In the evening breast milk may be higher in melatonin which aids sleep, so if expressing milk for night-time feeds, try to time stamp a bottle and help signal your babys circadian rhythm to sleep.
Wind is a huge cause of difficult sleep for tiny babies, yet many parents are still told that breastfed babies in particular do not need to be winded or to wait for one burp, and then the baby is done.
My advice is always to wind as much as you can, advises Skudder.
During a feed, after a feed and before naps too. The more wind that comes up, the less likely baby is to wake up feeling uncomfortable.
Optimizing Sleep With A Routine
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Dont Feel Pressured To Burp Or Diaper Your Baby If Doing So Will Wake Your Baby Up
When your baby is sleeping or about to doze off the last thing you want to do is jolt her awake with intrusive care-giving. So can you wait? That seems likely.
In a recent study of more than 70 infants, researchers found no evidence that burping was beneficial to babies. It didnt make them cry less, and it actually increased a babys chances of regurgitating after a meal . And an earlier experiment suggests that babies arent awakened by the sensation of a wet diaper .
Follow The Eat Wake Sleep Cycle
The baby wakes from sleep and immediately eats. Then the baby is awake for a while to play. Then the baby goes back to sleep.
This cycle has several purposes. First, it encourages full feedings by allowing the baby to eat immediately after waking. The baby will have the most energy immediately after waking, making him more inclined to take a full feeding and go longer between feedings.
Also, by feeding the baby after sleep rather than before sleep, the cycle prevents the baby from associating food with sleep or using food as a sleep prop. When using this cycle, a feeding before bedtime is typically only feeding before sleep.
Of course, there were times where I definitely fed my baby before sleep. He needed a little TLC for a certain nap, and I was totally fine offering it when he needed it. But for the most part, I tried to avoid feeding him right before sleep.
Note: Newborns require frequent feedings and rest to ensure healthy growth a development in the early months. Always feed your baby as frequently as your baby needs to ensure healthy weight gain.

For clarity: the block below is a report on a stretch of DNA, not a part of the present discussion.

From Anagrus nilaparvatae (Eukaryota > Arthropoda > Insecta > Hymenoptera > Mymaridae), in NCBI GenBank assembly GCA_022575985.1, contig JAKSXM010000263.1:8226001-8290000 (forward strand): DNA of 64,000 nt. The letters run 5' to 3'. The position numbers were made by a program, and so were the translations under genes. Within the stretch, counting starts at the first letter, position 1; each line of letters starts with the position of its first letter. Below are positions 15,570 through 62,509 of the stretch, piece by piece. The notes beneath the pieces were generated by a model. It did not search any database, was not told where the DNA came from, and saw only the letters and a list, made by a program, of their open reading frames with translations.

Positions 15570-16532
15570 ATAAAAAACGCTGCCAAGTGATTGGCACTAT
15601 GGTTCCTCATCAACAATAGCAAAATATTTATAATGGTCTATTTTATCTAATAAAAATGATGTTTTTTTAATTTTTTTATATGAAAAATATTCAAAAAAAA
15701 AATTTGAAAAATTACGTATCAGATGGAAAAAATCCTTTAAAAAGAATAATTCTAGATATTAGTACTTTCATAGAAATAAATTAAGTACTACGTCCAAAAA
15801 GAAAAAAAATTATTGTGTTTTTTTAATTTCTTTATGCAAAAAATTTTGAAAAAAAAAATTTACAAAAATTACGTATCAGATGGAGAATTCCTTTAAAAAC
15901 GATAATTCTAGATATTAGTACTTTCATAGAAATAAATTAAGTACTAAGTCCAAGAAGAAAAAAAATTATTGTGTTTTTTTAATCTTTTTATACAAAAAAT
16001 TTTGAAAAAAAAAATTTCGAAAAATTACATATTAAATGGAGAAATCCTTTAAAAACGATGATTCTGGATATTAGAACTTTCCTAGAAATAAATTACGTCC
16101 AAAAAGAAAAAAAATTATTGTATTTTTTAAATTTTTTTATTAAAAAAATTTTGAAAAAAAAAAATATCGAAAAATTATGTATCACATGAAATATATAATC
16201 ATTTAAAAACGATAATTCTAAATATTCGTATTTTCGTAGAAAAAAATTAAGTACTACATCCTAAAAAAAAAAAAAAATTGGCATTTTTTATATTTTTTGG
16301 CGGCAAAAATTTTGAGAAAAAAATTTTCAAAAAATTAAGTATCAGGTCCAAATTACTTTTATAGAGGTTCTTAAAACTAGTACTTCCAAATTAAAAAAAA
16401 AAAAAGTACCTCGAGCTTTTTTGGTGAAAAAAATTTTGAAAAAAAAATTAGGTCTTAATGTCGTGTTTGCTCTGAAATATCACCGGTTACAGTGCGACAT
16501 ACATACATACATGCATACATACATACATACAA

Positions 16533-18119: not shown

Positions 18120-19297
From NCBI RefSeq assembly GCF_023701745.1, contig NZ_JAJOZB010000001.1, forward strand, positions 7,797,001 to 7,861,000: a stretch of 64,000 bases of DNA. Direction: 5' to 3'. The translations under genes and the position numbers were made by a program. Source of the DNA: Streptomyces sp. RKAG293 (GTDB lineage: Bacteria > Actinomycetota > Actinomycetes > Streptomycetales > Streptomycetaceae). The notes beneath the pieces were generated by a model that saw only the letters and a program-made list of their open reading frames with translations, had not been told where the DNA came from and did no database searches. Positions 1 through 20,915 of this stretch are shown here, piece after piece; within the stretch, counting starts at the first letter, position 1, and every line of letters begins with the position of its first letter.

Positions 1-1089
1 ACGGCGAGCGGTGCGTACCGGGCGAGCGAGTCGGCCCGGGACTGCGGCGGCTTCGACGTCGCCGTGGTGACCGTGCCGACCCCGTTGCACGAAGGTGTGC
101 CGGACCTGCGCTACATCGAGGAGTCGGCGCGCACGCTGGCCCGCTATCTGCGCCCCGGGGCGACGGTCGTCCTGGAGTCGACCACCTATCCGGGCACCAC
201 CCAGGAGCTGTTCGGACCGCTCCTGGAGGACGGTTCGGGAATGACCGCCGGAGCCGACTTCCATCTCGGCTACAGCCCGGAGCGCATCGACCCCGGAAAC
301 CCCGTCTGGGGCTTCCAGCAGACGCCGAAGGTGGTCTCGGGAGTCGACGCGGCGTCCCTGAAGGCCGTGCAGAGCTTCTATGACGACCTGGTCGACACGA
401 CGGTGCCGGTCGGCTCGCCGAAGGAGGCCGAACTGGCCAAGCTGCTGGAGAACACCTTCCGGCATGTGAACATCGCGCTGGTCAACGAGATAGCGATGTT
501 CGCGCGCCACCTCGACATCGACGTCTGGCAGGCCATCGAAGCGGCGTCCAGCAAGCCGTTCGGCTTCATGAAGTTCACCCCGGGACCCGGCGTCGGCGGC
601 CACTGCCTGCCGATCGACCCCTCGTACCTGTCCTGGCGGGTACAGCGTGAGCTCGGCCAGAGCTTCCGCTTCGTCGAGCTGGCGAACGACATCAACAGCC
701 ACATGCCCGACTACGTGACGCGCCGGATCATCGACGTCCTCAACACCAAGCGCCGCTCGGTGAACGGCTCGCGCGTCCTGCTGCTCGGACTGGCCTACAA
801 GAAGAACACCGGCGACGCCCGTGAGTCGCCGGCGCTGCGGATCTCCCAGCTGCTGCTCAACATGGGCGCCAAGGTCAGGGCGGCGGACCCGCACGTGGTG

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Week 1: Move Beyond The 4th Trimester
3 months! A quarter of a year! Can you believe it?
You might have noticed the 4th-trimester essentials arent needed as much now that your newborn is 3 months old. Its okay to let these things go if your baby isnt needing them anymore.
Breaking out of the swaddle blanket? Your baby is starting to stretch out its limbs more! Sleepsacks or sleepers are a perfect replacement as it keeps your baby comfortable while they slumber.
Spitting out the pacifier? If its no longer needed to help with soothing let it go! You wont have to battle weaning your baby from the paci when they get older.
Any other 4th-trimester newborn sleep habits that dont seem necessary is okay to stop because your baby is growing.
Each week brings something different with your newborn. Parenthood is all about changing and adapting along with your baby. Try out these top 12 newborn sleep tips to get you through the first 3 months.
Emphasising The Difference Between Night And Day
Your newborn doesnt understand the difference between day and night. Its quite common for newborns to be wide awake during the night and then sleepy during the day.
In these first six months, here are some things you can do to help your baby get used to the idea that night is different from day, and that night is a good time to sleep:
- During the night, keep the room dark or dimly lit, and quiet.
- Use a dim light when you need to attend to your baby during the night. Try not to turn on a bright overhead light.
- At night, respond to your babys cries quickly, and settle or feed baby as soon as you can.
- Give night feeds in the bedroom. This will help to keep these feeds brief and make them different from daytime feeds.
- At night try to be soothing and quiet when youre with your baby. Try to keep play for daytime.
From three months on, try to make a quiet, dark place for your baby to nap during the day. Babies become more awake and alert as they get older, so they dont sleep as well in places that have a lot of light and noise, like the family room.